ZTE, Huawei Contract Ban Still Work in Progress

Tech companies said they may not yet be able to comply fully

Tech company government contractors said they may not all be able to comply immediately with a new prohibition on suspect tech. 

The interim rule implementing the National Defense Authorization Act ban on the use of tech from Huawei and ZTE (as well as surveillance tech from three other companies, Hytera, Hangzhou Hikvision Digital Technology Co., and Dahua Technology Co.), went into effect for government contractors Thursday (Aug. 13). 

Due to their alleged connections to the Chinese government, those companies’ tech in U.S. networks was deemed a national security risk. 

Related: Chinese Telecoms Unwelcome in Government Contracts 

In response to the rule’s trigger, ITI, the Information Technology Industry Council, which represents hardware and networking equipment manufacturers and software developers, said Thursday that its members “wholeheartedly” support the goal of protecting the federal tech supply chain from potentially compromised equipment. “However, because of the extended time it took to roll out rules for these far-reaching requirements, contractors may not be able to consistently meet the law’s objectives,” warned Gordon Bitko, SVP for public sector policy.”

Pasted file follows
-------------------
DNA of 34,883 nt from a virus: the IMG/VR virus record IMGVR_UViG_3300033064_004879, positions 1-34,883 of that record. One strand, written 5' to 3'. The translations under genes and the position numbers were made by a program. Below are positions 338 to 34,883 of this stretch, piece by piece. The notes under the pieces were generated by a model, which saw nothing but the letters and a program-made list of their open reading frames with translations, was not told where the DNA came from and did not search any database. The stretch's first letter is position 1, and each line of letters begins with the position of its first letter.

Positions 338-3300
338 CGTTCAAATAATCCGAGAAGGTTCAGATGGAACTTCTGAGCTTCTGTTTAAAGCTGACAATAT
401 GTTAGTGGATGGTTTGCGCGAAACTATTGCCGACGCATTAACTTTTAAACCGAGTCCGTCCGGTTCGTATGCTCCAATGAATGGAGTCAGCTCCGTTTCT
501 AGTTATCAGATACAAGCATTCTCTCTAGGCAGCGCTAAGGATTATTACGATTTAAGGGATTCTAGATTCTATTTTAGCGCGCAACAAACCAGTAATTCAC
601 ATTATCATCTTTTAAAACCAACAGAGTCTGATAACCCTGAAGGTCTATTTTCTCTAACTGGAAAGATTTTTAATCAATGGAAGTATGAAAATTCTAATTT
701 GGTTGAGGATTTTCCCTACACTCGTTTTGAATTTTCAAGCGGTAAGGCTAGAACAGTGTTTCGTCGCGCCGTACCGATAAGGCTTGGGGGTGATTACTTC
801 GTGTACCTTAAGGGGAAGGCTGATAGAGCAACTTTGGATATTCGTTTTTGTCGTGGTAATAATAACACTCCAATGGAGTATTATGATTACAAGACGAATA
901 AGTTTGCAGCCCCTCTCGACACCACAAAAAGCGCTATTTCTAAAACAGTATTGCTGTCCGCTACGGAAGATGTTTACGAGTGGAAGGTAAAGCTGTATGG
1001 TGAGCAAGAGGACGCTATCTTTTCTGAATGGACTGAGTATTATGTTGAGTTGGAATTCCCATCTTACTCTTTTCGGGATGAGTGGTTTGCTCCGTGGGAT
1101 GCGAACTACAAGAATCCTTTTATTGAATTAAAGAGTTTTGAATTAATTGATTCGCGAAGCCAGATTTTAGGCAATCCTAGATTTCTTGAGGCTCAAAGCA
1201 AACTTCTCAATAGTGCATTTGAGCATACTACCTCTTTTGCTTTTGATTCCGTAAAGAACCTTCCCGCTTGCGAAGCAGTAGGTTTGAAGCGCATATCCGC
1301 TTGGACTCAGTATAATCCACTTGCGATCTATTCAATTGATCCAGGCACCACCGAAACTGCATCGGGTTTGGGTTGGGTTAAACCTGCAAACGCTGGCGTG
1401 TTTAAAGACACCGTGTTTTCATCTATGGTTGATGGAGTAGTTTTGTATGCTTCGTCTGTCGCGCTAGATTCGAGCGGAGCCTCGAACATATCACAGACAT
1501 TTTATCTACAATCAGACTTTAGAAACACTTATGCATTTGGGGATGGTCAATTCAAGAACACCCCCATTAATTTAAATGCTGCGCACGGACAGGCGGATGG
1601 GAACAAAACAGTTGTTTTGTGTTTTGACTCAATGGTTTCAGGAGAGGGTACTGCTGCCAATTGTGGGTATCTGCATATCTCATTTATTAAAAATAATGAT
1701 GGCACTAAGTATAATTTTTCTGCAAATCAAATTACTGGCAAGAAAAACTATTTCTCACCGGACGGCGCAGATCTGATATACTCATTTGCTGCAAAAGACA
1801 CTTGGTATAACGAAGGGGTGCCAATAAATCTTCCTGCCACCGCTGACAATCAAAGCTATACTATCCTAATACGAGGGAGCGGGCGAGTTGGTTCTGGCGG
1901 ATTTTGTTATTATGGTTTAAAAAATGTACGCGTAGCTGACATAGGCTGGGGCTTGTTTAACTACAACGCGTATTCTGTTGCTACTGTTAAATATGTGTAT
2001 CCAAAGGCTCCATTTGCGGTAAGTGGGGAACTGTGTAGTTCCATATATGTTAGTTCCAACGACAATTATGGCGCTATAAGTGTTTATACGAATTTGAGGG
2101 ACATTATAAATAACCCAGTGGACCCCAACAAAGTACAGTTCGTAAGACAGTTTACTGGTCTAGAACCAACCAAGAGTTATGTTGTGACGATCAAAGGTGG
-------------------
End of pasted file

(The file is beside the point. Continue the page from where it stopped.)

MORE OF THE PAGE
ITI said it would continue to provide “input” on the rule while working with federal agencies to to both secure networks and “minimize unintended negative commercial impacts.” 

Because of the national security issues and the Aug. 13 congressional deadline, the rule was implemented without public comment and the normal OMB review under the Paperwork Reduction Act, but there will still be an opportunity to comment, the Administration said, which is why it is an interim rule, not the final one.  

Related: Huawei President Pushes Back

The interim rule revises the Federal Acquisition Regulation (FAR) and “prohibits agencies from procuring or obtaining, or extending or renewing a contract to procure or obtain, any equipment, system, or service that uses covered telecommunications equipment or services as a substantial or essential component of any system, or as a critical technology as part of any system, on or after Aug. 13, 2019.”  

Related: Reports Have White House Implementing Tech-Blocking Provision

There is an opportunity for a one-time waiver for up to a year, determined on a case-by-case basis, as well as for the Director of National Intelligence to issue waivers, though that is one of the agencies that has said Chinese telecoms pose a national security threat due to the influence of the Chinese government.    

The rule will apply to contracts that usually do not trigger the rule because they are relatively small purchases, and to contracts for off-the-shelf purchases. The Administration has concluded that there is an unacceptable level of risk that is not mitigated by the size of the purchase or the fact that the equipment and/or service “has been sold or offered for sale to the general public, either in the same form or a modified form.”  



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